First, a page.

You look for products or solutions used in similar situations and ask questions like:
What was similar there that you could learn from?
Was there a similar problem that was solved?
What can you learn from their failures to help you overcome the problem you are trying to solve?
Ask yourself who the company's competitors are and what differentiates them from your organisation.
What gaps can your organisation bridge that your competitors are battling with?
What can you do with greater efficiency with the resources your organisation has?
Who are the new entrants to the market and what makes them different?
What is changing that presents an opportunity or threat to your organisation?
Look at other industries and what is happening there that has relevance to your industry?
2.Ask lots of questions.
You don’t always accept the first answer you get, but probe a bit more to test the answer and find the hidden truths. You could be asking questions like…
“Are there any situations when this answer does not hold true?”
“Why would this happen in this situation?” - something like the 5 why’s here.
“How could we solve this in another way?” - asking yourself to look at alternatives
It’s not enough for you to wonder ’what if’. You are always investigating how it would work, and what steps would be needed to achieve the 'what if'.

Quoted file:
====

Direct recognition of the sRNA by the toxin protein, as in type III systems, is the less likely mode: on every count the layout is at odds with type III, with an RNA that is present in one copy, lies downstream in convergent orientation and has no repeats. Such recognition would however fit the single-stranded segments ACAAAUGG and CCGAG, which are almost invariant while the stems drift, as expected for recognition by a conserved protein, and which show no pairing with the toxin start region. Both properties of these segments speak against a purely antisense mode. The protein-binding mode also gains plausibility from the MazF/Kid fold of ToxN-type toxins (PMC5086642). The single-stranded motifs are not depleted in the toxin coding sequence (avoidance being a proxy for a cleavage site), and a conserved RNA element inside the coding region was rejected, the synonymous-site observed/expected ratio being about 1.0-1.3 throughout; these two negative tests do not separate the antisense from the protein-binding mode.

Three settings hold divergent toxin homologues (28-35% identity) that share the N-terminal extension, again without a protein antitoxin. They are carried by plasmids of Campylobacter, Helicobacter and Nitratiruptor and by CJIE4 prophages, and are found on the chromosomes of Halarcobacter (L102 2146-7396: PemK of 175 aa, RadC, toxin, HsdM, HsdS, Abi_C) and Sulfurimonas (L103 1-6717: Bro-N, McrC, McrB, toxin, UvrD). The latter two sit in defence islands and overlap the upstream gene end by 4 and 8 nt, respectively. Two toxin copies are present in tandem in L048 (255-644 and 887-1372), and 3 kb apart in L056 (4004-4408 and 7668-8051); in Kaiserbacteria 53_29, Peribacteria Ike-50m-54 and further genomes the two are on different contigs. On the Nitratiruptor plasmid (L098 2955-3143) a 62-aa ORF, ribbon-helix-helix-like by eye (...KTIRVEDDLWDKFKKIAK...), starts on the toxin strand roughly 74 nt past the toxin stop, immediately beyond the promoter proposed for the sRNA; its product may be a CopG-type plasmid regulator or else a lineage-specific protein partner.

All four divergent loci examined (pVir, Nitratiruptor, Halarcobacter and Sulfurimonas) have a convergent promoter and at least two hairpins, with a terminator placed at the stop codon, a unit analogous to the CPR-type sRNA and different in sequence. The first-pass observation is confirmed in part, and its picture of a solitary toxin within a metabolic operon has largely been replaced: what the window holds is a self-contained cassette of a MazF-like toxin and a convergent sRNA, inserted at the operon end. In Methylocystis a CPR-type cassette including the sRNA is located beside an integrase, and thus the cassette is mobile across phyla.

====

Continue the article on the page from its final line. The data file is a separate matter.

Some brilliant questions strategic thinkers ask include:
Why do I/we need to care about this?
What event or fact prompted the need for this decision to be made?
Are there alternative facts/information I/we should consider?
What is the impact if I/we don’t decide on this issue?
What are we trying to achieve by doing……?
What are my/our biases, prejudices, interests or values that might hinder my view?
Who is affected by this outcome?
What are the positive and negative consequences of this decision?
What is the worst result this decision could bring?
If the worst-case scenario happens, can we live with it?
What are forces for or against this decision? Do I/we care? Why or why not?
What other options, choices, alternatives could we consider?
What is on your reading list right now? What are you watching?
Constant learning and self-improvement develop strategic thinking skills because at the base of thinking skills is knowledge and information that feeds our thinking.
Whether it’s learning from your own experiences, the experiences of others, books, presentations, networks, conferences or colleagues, strategic thinkers, don’t dismiss any potential sources of education and knowledge building.
Include a few trusted YouTube, meetups, and industry webinar leaders into your knowledge pack each week.